"Beautiful and radical work" AN Magazine

"Art History in the making" TCS

The Body in Women's Art Now was a three-part exhibition series, curated by Philippa Found, which examined the themes that emerged in body-based art by women artists in the decade 2000 - 2010. It included works by Tracey Emin, Cecily Brown, Regina José Galindo, Gazira Babeli, Nathalie Djurberg, Sigalit Landau, Jessica Lagunas, Miri Segal, Helen Carmel Benigson, Tiina Heiska, Lydia Maria Julien, Sarah Lederman, Gazira Babeli and Anne-Marie Schleiner, bringing emerging and established artists together by theme.

The exhibitions showed at ROLLO Contemporary Art, London in 2009, 2010 and 2011, and travelled to the New Hall Art Collection, Cambridge - home of the largest collection of women's art in Europe.

A three-part book, The Body in Women's Art Now, edited by Philippa Found with contributed essays from key academics: Tracey Warr, Harriet Riches and Cadence Kinsey was published and nominated for the Feminist and Women's Studies Book Award 2010; and a series of twenty-eight talks and lectures were held within the exhibition space. 

The exhibition series was inspired by Tracey Warr's Phaidon book, The Artist's Body, which surveyed the use and depiction of the body in art created between 1950 -2000 thematically. The Body in Women's Art Now therefore sought to ask, had the book continued to include the next decade, what themes would have been included and which artists represented? 

Women artists have a unique and historic relationship to the use of and representation of the body in art. But more than that, the decision to focus exclusively on art by women was a deliberately radical act, seeking to operate as an intervention in the male-dominated art-world to challenge the under-representaion of women artists. Having specialised in the body in contemporary art as an art history student, curator Philipppa Found, was troubled by the disparity between what she had studied and what was being represented in public exhibitions and national collections in the UK. Found noticed an almost invisibility of women artists and the subject of feminist art at the time and believed it was crucial to give space to significant women practitioners to cement their position in art history.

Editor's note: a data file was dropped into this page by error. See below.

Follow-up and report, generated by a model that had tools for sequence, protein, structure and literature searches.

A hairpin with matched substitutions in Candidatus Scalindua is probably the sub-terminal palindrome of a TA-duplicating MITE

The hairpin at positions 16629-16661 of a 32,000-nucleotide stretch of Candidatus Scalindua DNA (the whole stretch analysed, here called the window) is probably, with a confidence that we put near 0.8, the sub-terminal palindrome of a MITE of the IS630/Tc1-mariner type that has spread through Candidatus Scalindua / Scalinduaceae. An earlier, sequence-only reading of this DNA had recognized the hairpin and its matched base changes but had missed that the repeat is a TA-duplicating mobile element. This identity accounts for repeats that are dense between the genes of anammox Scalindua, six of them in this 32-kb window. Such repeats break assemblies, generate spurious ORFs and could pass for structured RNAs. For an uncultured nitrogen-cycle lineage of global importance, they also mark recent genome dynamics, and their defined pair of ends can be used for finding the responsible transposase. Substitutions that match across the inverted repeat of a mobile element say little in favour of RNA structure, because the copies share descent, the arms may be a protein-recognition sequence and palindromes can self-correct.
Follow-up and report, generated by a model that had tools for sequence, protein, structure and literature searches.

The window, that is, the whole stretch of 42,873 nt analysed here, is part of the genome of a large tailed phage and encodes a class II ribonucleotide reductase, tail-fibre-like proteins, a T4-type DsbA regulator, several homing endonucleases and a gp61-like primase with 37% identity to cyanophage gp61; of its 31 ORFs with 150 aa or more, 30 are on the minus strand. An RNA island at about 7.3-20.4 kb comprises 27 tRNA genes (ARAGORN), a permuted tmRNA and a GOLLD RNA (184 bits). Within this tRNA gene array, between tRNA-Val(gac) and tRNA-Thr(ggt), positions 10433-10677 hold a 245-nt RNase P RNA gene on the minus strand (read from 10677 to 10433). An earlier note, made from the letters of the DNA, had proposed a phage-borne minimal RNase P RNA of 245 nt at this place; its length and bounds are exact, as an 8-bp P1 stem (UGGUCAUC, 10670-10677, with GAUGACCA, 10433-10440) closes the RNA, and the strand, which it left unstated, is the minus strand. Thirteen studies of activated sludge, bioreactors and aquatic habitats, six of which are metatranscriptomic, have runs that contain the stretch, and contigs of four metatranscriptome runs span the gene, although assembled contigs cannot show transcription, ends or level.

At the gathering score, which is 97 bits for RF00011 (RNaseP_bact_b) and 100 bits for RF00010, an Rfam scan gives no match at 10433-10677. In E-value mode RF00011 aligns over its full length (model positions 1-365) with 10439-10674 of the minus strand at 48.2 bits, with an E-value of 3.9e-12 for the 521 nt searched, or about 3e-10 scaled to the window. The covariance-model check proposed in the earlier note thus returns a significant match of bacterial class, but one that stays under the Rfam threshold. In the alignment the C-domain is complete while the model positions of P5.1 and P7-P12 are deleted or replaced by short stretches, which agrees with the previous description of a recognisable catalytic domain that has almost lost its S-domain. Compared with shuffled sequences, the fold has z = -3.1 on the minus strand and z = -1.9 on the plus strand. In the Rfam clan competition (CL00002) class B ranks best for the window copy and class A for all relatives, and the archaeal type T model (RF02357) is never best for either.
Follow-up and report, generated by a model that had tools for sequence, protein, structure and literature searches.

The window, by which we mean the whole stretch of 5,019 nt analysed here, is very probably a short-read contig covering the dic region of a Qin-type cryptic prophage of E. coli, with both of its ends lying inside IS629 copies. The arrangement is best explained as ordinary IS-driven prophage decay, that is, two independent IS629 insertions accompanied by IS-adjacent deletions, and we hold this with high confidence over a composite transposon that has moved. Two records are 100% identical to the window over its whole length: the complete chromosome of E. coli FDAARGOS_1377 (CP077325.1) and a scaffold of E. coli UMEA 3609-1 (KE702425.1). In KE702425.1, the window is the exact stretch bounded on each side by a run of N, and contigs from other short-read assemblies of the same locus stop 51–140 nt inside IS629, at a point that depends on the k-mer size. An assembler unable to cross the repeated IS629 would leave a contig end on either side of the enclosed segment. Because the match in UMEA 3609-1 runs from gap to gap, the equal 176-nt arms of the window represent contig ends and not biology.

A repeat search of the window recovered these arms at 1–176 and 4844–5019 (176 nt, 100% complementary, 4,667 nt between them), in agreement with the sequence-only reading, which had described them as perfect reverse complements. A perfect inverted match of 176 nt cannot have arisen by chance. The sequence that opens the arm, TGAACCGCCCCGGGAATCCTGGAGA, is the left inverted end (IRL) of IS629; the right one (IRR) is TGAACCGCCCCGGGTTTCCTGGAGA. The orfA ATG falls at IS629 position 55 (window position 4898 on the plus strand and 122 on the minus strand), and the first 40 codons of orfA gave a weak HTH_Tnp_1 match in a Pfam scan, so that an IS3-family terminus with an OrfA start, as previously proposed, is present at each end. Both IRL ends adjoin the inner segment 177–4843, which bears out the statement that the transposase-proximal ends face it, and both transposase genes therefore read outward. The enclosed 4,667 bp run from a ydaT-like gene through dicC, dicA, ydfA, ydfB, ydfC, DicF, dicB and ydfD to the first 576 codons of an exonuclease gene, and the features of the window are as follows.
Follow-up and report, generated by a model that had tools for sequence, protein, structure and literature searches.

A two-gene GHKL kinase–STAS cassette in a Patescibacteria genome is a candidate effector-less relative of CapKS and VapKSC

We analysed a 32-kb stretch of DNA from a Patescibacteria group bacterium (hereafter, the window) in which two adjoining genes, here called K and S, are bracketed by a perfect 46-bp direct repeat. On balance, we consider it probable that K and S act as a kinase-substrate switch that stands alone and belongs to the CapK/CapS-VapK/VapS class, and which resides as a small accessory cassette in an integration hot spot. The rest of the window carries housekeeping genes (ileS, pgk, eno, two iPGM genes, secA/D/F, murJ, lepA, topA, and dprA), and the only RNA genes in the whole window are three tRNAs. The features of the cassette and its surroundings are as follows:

At the time of the first The Body in Women's Art Now exhibition in 2009, women artists made up just 12% of the Tate Modern's collection, represented only 29% of exhibitions devoted to single artist shows at Tate Modern, and accounted for only 35 of the 116 artists nominated for the Turner Prize. Only 3 women artists had ever won the prize. 

Paramount to redressing this imbalance was the education programme Found created to support the exhibitions. Found believed that reaching both ends of the art world was key to making lasting change: from speaking to art students (the curators and museum directors of the future), to current museum patrons, who hold the power to decide which artists works are acquired in national collections, and in turn plays a role in which artists and story of art is presented in exhibitions on our museum walls. As such Found gave talks and tours to eleven international patrons groups from the patrons of the Tate, to the patrons of the National Museum of Women in the Arts, Washington, and fourteen school and university groups. 

The Body in Women's Art Now exhibition series was timely. It ran concurrent to ells@centrepompidou exhibition at Pompidou Centre, Paris, and  shortly after WACK! Art and the Feminist Revolution at MOCA L.A. and Global Feminisms at Brooklyn Museum (both 2007). Internationally attention was turning to art by women artists with large scale survey shows in major institutions, yet at the time the last all-woman survey exhibition to be held at a major public exhibition space in the UK hadn't been since 1993 - Bad Girls at the ICA. 

In 2010 Philippa Found was invited to be a founding member of the Arts and Gender Board at Centre Pompidou, Paris.

This website serves as an archive for The Body in Women’s Art Now project, to record and remember its place in the history of art and exhibitions that contributed to and kick-started a wave of change in larger public arts institutions in the UK, as after all as Miranda July said, ‘history is only what’s documented and preserved by those in power, usually men, but int his case: me.’

Image above: Jessica Lagunas, Para Verte Mejor, The Better to See You With, 2005